Liverpool fans all breathed a sigh of relief when the Spanish transfer window shut last week.
The Reds faced an uphill struggle in their bid to retain Philippe Coutinho who was more than appetised by a Barcelona switch. And, both admirably and incredibly, Liverpool held their ground.
Few would expect the club to keep their promises when bids such as £118 million are being thrown around. Nevertheless, Coutinho remains a Liverpool player with the club’s attacking force looking all the more ominous.
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Jurgen Klopp issued a commanding statement: “I wasn’t manager when Suarez was sold, I wasn’t manager when Sterling was sold. I’m manager now, and we’re not selling Coutinho.”
You’ve got to love the man, Liverpool fan or not.
The German has been something of a revelation at Anfield. Although he’s yet to collect silverware on Merseyside, a title challenge akin to the 2013-14 campaign seems a question of when, not if.
It’s an impressive achievement when you consider the situation he inherited at the club. The post-Luis Suarez era had been a cruel mistress to Brendan Rodgers who was dogged by bizarre transfer decisions and inconsistent form.
Yet, in mere months, Klopp was able to instill exciting and attacking football. Only a resurgent Sevilla prevented the 50-year-old from firing Liverpool back into the Champions League at the first attempt.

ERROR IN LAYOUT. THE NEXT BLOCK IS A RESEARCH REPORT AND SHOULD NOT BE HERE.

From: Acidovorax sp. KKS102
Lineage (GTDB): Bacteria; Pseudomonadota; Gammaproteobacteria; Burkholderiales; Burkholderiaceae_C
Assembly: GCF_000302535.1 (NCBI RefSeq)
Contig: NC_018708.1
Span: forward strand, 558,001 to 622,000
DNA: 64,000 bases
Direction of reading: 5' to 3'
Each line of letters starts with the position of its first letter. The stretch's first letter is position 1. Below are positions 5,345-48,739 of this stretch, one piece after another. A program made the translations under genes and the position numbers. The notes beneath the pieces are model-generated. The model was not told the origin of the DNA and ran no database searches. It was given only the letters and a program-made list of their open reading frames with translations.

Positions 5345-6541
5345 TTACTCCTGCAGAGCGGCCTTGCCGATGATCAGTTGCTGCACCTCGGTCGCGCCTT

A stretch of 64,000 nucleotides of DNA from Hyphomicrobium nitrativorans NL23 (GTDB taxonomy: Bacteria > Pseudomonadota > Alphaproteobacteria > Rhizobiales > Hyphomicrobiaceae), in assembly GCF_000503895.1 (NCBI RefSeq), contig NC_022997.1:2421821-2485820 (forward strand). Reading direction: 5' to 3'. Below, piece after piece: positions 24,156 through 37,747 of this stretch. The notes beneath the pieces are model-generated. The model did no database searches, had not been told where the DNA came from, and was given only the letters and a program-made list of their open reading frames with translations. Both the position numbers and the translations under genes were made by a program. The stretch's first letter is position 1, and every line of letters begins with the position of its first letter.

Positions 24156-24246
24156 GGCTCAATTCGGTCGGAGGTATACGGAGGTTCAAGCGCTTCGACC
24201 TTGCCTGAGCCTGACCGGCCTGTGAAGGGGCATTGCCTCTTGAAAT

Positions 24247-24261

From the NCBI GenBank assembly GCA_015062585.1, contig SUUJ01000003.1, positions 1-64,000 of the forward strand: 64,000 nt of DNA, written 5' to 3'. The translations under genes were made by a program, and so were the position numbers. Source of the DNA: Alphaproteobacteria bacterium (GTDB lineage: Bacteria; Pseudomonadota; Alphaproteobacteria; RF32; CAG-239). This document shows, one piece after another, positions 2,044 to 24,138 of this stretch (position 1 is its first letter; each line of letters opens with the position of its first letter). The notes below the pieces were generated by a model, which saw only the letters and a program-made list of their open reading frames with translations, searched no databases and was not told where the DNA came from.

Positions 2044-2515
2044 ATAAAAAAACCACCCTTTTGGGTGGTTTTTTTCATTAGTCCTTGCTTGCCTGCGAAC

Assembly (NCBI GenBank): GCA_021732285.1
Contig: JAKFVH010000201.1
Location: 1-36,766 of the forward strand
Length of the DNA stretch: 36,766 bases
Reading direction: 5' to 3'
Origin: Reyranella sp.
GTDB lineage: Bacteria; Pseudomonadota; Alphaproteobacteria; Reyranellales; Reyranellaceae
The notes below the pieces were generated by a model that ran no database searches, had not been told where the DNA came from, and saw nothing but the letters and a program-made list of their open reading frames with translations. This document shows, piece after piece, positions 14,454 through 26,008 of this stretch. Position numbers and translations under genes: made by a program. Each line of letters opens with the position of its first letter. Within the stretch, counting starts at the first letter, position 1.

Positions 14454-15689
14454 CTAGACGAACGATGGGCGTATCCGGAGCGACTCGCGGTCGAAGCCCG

As Simon Mignolet has revealed too, the players felt the impact almost insantly.
The Belgian shot stopper has recalled the squad’s very first meeting with their new manager and his ‘first words’, which are typical Klopp.
Speaking to the Daily Mail, Mignolet reminisced: “That was the first word the boss said when he arrived at Liverpool Football Club — be 'a machine', be all together.
“[It's] not only [distribution from me] but communication and the space you have to [use] behind the defence.
“That's a lot more important than a penalty save you have to make in the game which is the obvious one and jumps into the eye.”
Liverpool’s 4-0 thumping of Arsenal certainly showed the machine-like qualities to which Klopp originally referred. And Mignolet is more than aware of how the ‘machine’ can evolve.
Referring to his absence from the first XI against the Gunners, Mignolet spoke out about being dropped: “It makes you stronger.
“I've been five years at Liverpool and in all these stages throughout my career one thing that always comes back is that I managed to fight back and be stronger than before.”
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